Using baby, child, and adult part-task trainers, we examined the influence of various anesthetic mask forms on anatomical dead space.


The volume of air that does not engage in alveolar gas exchange during ventilation is called dead space. 1 Physiological quiet space exists during normal breathing in the resting state. Anatomical and functional/alveolar dead space is included in physiological dead space. The physiological and anatomical dead space is nearly equal in a typical individual.

Alveoli with little or no blood flow have a minimal functional dead space. Therefore, the quiet room is impacted during anesthetic administration. 2 It is critical to minimize dead space to avoid re-breathing, resulting in hypercarbia, particularly in newborns and toddlers. The most typical effect of an increase in quiet physiological area is an increase in the partial pressure of carbon dioxide (PaCO2), which increases blood acidity and a reduction in pH. The minute volume must be raised to maintain an average PaCO2 level to compensate for the risen dead space.

3 With significant anatomical dead space, neither increased gas flow nor minute volume increase may be sufficient to avoid re-breathing.

The volume provided by a mask, an artificial airway, and the posture of the head all contribute to the rise in dead space during anesthetic administration. Age also plays a role since babies and children have smaller alveoli, and chest wall collapse may diminish quiet physical area when negative intrathoracic pressures are decreased. 4 Dead space may be calculated as 1 milliliter per pound (2.2 milliliters per kilogram) of body weight in a typical healthy individual, although this has been found to be erroneous. 5 In healthy lungs, the ratio of dead space to tidal volume is around 0.3. Increased total dead space is more significant in newborns than in adults, since children’s tidal volumes are lower. 2 Thus, any contribution to dead space is critical and should be minimized, since it may result in catastrophic repercussions such as hypercapnia, dysrhythmias, and even cardiac arrest.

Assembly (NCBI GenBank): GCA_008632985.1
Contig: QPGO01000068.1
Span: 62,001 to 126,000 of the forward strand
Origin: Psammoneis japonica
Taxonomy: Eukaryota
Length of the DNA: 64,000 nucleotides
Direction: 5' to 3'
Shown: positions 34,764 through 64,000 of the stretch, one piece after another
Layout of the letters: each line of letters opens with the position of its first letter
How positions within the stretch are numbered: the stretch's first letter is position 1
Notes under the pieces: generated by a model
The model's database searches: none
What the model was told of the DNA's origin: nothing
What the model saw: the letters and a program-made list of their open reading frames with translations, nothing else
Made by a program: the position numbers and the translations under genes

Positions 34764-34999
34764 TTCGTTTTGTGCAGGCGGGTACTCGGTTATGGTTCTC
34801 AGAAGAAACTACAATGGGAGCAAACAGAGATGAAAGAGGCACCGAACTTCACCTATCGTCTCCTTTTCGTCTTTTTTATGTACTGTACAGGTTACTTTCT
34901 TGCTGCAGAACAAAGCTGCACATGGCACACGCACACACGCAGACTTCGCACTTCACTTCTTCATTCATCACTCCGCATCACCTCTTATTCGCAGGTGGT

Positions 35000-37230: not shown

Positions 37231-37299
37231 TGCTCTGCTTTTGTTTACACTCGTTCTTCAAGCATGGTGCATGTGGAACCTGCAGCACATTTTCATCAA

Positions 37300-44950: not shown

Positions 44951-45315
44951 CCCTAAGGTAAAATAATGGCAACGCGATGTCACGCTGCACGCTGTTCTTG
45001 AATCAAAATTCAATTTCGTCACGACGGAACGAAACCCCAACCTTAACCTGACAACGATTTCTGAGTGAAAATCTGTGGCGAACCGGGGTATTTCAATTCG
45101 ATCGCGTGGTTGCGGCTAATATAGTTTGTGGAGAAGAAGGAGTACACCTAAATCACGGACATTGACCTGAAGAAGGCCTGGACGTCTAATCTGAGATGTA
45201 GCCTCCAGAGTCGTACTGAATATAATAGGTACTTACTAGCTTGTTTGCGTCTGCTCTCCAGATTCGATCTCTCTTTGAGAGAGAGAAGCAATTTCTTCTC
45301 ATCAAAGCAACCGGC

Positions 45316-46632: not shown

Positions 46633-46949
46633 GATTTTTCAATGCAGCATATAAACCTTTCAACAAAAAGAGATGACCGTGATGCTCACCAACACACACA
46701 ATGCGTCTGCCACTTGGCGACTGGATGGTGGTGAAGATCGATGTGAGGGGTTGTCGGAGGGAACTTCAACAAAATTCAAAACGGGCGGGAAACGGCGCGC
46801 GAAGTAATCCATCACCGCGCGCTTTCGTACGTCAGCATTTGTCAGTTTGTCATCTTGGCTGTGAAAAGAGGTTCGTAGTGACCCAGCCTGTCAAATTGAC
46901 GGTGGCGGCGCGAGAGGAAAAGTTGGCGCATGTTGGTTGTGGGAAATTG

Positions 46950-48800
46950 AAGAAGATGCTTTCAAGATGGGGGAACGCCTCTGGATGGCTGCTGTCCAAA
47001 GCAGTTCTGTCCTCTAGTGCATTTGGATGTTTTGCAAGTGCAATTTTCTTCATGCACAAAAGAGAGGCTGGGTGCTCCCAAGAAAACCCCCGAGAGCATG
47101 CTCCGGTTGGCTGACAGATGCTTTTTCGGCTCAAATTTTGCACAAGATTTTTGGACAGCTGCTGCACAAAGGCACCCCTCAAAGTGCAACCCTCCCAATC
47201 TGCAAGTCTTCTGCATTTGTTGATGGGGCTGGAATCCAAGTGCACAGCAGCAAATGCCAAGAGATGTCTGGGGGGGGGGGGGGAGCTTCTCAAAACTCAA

At the Bloemfontein Academic Hospital Complex, formed masks with an inflatable polyvinylchloride (PVC) cuff are used in conjunction with circular, domed masks with a non-inflatable PVC cuff. Domed masks may be simpler to produce and do not need an inflated cuff, which makes them more affordable. Inflating or deflating the cuff has the effect of increasing or decreasing the mask’s dead space. According to Smith’s Anesthesia for Infants and Children, two paediatric face masks should be manufactured of translucent plastic to enable for cyanosis examination and to fit the child’s face securely. There are several varieties of face masks available, but the most often used is a plastic disposable mask with an inflated cuff. A mask of the proper size should sit on the bridge of the nose and reach all the way to the jaw. 2 For the reasons stated before, dead space should be reduced during anaesthesia.


The purpose of this research was to quantify and compare the volume contributed to anatomical dead space by formed and rounded masks of comparable size (Supplementary figure 1) to discover which style of mask contributes the least volume. Additionally, the influence of cuff inflation pressure on the volume of created masks was determined.


This was a laboratory experiment. The research used baby, child, and adult part-task trainers located in the Clinical Simulation Unit at the University of the Free State’s School of Medicine (UFS).